The forgiveness of not only a crime, but the penalty associated with it, is a pardon. Normally granted by a head of state such as a president, monarch, or other governing person or body, a pardon, or “clemency” alleviates the penalty but doesn’t forgive the crime itself. Pardons are generally granted when individuals have fulfilled their debt to society, and have shown that they are otherwise worthy of a pardon. Occasionally pardons are given to those who feel they were wrongfully convicted. In any case, pardons don’t grow on trees – most people need help to know how to get a criminal pardon.
When it comes to getting and keeping a job, anyone who has been arrested or convicted of a crime is at a distinct disadvantage. All of our criminal records are readily available to anyone who wishes to check it, including employers, landlords, and potential girlfriends. All it takes is the click of a mouse to have all of your background information.
Obtaining a pardon restores most of the rights lost as a result of the offense you were convicted for, however it does not erase the conviction from your record. That being the case, if you are asked whether or not you have ever been convicted of a crime you must still answer “Yes”, as the investigating agency or employer will find the conviction on a background check. As for the girlfriend – she may not have a written application, but disclosure is probably preferable to her finding out on her own. You can, however disclose that you have been fully pardoned.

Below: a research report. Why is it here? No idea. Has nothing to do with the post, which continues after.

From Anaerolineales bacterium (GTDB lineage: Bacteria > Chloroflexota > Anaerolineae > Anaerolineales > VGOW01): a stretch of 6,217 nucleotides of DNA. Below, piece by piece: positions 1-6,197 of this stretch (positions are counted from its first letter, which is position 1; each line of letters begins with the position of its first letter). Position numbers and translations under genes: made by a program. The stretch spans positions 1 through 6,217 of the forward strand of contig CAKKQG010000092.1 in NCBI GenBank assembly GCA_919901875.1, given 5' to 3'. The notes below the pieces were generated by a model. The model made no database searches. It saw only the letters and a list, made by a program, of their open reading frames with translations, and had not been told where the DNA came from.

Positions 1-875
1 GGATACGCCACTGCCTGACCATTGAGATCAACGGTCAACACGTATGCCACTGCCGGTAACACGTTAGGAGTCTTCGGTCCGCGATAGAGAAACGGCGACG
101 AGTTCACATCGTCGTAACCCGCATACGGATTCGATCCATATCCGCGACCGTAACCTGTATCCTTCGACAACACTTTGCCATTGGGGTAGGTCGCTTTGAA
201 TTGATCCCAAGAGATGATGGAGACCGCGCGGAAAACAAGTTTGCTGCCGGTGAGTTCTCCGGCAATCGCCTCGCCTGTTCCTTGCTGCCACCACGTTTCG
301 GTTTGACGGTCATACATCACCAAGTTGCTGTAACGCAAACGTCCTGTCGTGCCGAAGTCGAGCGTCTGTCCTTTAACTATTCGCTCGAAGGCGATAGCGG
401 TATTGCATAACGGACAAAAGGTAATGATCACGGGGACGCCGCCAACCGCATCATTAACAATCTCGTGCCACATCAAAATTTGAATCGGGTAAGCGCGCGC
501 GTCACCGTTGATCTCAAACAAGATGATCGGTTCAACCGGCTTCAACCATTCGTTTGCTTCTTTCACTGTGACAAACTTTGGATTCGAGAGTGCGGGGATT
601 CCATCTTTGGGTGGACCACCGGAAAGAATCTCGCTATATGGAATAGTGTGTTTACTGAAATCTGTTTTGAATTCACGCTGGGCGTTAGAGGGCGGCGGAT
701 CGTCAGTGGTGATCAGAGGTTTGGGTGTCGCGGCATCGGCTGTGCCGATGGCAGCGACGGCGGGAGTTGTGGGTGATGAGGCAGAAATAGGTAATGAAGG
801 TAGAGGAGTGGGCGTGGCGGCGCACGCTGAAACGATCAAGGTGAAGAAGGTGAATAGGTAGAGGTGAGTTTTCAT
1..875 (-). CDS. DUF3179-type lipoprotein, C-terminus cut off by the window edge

Most employers are hesitant to hire someone who has a criminal record, even if you explain how minor the charges were. Some jobs require bonding of employees however bonding companies aren’t happy about insuring people with criminal records and generally charge employers higher rates, if they are willing to insure the employee at all.
If you have been convicted of a felony, you don’t have to carry the conviction with you forever. Criminal pardon can help you get your life back and could be the most important thing you ever do. While it is possible to request and obtain a pardon on your own, many find it is beneficial to hire an attorney to help them in this endeavor, as the procedures vary from jurisdiction to jurisdiction.
To be eligible for a pardon you generally must have demonstrated a high standard of productive behavior following your felony conviction. Obtaining a criminal pardon is a privilege based on your ability to prove you have led a productive, useful and law abiding life following your conviction.
Criminal pardon applications are often accepted only after a certain amount of time has passed after the applicant has been discharged from parole, at least 10 years in most places, and has not been involved in any further criminal activity. The time constraint can be waived in exceptional circumstances if a specific need can be demonstrated by the applicant.
In some jurisdictions a Certificate of Rehabilitation can be obtained from the court that handed down the conviction and used to assist with your application for pardon. In some cases this relieves the pardoning authority from the need to investigate further. A Certificate of Rehabilitation is a court order declaring that the person who was previously convicted of a felony is now rehabilitated.